Candida | Performing Arts Review | Chicago Reader

Candida 

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Candida, ShawChicago, at First Saint Paul's Church. This play was Shaw's paradoxical response to Ibsen's A Doll's House--though Candida is no more a doll than Nora. The secret strength behind her successful husband, a muscular exponent of Christian socialism, she's being wooed with neurasthenic ardor by the supposedly delicate poet-idealist Eugene Marchbanks. Which is the weaker man? Shaw wryly wonders. Will Candida pick the stronger? What results is a droll model for a marriage in which one partner's strengths perfectly suit the other's weaknesses.

Shaw's sparkling talk and incisive observations are neatly distilled by director Robert Scogin in this sprightly staging. Richard Marlatt brings bluff authority to Reverend Morell, the husband whose eminence comically crumbles before the poet, a lyrical twit (supposedly modeled on the young Yeats). Gary Alexander plays Marchbanks with the requisite tremulous vapidity but needs to suggest the steelier side of this lonely but resourceful dreamer. Tony Dobrowolski brings a delightful blustering bravado and spleen to Candida's father, a roguish capitalist who anticipates Alfred P. Doolittle by almost 20 years. And Lia Mortensen's serene and glorious Candida--a great representative of the Shavian Life Force--fuses industrial-strength common sense with maternal affection for her childlike husband.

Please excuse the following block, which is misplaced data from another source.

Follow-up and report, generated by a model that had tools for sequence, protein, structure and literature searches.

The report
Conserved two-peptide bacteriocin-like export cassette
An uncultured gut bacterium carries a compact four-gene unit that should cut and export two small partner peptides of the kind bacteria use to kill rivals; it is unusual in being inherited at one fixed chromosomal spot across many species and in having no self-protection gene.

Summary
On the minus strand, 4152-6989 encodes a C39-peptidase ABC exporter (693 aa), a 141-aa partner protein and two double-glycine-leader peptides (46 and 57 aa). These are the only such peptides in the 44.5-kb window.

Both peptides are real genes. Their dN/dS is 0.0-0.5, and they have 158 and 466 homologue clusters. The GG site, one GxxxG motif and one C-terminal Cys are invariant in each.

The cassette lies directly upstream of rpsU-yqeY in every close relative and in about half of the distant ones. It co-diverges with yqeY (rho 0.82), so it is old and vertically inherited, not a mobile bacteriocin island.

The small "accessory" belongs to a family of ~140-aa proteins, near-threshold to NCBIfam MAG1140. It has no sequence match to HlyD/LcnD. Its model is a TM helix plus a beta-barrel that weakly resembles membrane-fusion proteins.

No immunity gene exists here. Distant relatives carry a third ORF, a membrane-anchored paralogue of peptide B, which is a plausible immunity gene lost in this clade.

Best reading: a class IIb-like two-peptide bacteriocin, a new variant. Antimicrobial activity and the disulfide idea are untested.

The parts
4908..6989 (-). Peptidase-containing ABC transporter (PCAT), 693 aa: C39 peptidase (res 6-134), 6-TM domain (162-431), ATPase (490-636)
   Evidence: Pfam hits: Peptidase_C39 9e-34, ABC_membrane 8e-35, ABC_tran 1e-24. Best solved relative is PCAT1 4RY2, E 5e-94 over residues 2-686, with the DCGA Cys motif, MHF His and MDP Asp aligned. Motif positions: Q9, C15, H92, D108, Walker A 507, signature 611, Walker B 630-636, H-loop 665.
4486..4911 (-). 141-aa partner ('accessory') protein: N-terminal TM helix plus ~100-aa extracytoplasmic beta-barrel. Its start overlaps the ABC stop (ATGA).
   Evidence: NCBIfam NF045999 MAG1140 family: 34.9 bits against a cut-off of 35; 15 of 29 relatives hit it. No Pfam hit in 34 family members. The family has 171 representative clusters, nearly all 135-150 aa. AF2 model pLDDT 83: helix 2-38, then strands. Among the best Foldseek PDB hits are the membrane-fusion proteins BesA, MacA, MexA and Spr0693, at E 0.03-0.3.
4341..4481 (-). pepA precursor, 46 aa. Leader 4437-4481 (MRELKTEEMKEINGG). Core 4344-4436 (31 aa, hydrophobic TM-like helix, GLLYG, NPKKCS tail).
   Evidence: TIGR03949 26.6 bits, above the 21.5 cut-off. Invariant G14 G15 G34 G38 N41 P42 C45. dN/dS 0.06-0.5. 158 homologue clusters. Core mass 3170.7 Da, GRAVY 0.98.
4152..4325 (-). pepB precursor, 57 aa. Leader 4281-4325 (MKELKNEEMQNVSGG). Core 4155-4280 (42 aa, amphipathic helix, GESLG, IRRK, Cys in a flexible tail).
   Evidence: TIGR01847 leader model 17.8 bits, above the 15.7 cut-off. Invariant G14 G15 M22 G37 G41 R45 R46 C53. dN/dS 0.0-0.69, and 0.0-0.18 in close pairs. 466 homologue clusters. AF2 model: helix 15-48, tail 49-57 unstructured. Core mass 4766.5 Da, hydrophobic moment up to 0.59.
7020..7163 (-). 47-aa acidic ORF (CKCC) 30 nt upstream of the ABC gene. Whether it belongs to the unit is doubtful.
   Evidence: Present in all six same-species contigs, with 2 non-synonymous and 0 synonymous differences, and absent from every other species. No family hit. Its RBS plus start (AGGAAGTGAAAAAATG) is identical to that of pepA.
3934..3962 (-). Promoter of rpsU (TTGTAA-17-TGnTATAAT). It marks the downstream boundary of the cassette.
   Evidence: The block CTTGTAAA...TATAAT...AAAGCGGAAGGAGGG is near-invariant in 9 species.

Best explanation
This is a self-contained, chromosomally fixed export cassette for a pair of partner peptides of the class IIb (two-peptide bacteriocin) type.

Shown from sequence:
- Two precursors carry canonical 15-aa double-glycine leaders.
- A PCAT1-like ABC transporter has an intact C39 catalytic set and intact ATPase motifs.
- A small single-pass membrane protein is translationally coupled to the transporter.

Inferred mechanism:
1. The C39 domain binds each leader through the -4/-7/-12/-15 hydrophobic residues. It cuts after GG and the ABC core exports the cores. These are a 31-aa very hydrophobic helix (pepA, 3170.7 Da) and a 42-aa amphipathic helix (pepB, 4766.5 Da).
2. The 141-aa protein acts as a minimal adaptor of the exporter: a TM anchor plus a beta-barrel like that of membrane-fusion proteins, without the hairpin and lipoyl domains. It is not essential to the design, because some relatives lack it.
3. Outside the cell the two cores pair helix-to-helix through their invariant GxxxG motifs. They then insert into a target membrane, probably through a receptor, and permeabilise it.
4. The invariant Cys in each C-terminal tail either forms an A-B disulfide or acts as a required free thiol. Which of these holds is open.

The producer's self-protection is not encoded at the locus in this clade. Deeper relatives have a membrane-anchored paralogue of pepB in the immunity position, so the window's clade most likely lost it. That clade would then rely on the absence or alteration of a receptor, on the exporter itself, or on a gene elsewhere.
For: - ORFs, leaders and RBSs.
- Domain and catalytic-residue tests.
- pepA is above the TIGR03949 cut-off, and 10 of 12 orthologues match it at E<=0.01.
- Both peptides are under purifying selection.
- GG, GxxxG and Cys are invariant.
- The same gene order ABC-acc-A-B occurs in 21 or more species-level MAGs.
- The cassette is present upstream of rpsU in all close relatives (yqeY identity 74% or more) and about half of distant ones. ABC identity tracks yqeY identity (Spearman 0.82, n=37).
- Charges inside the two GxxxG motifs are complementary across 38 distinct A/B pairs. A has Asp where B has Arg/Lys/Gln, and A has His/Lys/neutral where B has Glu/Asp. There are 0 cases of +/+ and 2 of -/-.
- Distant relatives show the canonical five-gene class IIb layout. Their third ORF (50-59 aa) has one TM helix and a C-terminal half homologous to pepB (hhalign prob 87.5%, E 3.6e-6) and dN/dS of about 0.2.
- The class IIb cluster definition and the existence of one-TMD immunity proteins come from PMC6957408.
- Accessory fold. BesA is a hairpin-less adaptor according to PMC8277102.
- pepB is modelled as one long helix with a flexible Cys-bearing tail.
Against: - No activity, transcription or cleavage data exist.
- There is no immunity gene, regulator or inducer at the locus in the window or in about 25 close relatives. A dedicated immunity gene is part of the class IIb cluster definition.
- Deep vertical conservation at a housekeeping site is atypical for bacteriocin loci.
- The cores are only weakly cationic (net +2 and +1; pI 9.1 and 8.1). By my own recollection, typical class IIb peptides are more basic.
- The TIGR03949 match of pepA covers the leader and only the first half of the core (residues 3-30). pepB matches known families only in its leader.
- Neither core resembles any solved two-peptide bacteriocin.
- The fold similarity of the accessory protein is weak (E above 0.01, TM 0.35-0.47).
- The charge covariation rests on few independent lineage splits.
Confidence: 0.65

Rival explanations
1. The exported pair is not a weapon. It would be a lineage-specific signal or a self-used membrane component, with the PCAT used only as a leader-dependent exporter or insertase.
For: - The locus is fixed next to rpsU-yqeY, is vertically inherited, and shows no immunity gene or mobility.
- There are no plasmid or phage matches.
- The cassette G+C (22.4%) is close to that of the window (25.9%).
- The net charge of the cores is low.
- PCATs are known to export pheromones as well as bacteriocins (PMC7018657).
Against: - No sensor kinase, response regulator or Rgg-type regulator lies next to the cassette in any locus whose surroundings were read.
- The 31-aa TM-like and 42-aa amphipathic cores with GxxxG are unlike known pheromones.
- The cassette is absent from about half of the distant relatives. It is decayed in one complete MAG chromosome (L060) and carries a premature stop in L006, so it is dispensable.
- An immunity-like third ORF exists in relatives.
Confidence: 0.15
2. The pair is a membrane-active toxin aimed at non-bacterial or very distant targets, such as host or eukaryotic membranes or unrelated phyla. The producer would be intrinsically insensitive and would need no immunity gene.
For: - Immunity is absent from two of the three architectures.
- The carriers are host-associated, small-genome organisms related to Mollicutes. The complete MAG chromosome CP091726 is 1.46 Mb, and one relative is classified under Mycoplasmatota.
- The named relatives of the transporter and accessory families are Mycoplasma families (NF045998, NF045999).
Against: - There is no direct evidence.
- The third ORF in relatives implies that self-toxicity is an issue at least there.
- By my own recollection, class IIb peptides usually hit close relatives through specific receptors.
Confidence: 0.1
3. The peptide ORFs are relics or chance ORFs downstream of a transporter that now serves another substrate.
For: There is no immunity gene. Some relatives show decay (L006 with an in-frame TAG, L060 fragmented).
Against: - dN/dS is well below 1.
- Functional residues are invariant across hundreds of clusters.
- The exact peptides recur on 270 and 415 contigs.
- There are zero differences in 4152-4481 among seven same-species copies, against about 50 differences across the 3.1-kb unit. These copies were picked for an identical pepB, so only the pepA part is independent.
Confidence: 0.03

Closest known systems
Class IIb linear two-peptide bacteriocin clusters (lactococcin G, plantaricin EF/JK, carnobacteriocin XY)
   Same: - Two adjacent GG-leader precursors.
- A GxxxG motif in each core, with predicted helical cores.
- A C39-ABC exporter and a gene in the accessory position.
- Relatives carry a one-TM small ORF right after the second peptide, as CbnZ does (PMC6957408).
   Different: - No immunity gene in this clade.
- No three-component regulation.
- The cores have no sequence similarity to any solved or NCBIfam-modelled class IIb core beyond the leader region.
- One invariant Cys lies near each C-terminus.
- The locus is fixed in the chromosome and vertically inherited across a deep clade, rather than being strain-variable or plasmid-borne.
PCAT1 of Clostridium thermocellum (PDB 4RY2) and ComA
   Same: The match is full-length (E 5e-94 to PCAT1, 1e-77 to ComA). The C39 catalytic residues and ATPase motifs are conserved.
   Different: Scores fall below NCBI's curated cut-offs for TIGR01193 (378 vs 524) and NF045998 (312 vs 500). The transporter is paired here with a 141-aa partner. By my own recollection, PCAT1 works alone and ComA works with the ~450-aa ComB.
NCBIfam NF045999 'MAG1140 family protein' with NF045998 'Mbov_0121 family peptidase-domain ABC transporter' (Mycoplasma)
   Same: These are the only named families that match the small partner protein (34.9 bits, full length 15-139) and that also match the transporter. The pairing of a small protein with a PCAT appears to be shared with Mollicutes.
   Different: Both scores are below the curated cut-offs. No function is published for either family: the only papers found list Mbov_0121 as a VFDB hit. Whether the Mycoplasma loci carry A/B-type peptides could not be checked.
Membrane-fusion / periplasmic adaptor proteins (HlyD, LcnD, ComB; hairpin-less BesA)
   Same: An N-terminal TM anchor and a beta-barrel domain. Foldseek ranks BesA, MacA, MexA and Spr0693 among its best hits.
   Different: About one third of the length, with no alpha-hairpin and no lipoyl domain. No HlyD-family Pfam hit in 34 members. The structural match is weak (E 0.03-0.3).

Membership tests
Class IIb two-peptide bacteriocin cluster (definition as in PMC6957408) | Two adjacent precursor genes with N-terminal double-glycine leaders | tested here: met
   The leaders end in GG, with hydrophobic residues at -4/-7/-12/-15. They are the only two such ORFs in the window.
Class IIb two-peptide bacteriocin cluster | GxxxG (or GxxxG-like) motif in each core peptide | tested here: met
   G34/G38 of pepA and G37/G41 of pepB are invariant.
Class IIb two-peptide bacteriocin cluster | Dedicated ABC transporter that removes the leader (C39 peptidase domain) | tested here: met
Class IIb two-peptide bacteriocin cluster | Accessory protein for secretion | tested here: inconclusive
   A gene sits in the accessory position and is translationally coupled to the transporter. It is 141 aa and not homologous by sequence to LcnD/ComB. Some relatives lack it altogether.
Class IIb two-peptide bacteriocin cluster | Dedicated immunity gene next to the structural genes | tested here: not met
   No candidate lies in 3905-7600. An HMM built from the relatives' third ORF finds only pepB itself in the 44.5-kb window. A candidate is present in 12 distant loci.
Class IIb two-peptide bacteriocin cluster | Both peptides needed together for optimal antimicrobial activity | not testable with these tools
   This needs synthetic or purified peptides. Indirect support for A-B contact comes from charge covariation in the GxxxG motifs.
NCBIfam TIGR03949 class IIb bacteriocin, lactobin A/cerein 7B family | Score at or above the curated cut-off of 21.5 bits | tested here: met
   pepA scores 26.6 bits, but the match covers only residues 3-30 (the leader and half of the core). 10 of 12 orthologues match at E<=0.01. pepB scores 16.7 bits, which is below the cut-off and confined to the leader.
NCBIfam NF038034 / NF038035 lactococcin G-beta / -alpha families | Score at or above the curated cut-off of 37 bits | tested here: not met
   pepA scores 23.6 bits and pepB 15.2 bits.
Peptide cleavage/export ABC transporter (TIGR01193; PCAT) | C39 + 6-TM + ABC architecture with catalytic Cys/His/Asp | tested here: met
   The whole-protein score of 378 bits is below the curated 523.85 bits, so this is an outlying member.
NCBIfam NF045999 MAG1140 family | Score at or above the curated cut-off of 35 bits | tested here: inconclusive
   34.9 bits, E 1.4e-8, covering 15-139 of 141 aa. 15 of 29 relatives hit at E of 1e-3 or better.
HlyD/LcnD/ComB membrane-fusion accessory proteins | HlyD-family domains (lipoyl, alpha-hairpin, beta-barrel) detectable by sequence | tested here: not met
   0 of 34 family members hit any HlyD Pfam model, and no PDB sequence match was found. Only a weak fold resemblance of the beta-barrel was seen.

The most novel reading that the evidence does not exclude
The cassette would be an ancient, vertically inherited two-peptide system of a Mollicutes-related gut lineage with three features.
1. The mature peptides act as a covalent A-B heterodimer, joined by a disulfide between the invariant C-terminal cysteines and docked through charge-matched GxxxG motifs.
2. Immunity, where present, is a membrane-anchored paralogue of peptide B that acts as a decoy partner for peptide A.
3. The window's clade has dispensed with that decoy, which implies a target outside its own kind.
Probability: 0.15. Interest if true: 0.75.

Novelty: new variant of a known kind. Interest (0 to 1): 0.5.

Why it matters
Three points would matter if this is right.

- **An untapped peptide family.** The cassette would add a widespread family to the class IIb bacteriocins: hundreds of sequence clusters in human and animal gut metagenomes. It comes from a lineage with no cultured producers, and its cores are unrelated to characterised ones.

Alas, the hard pews and spotty acoustics of this venue are a step down from the Chicago Cultural Center studio, ShawChicago's usual abode.

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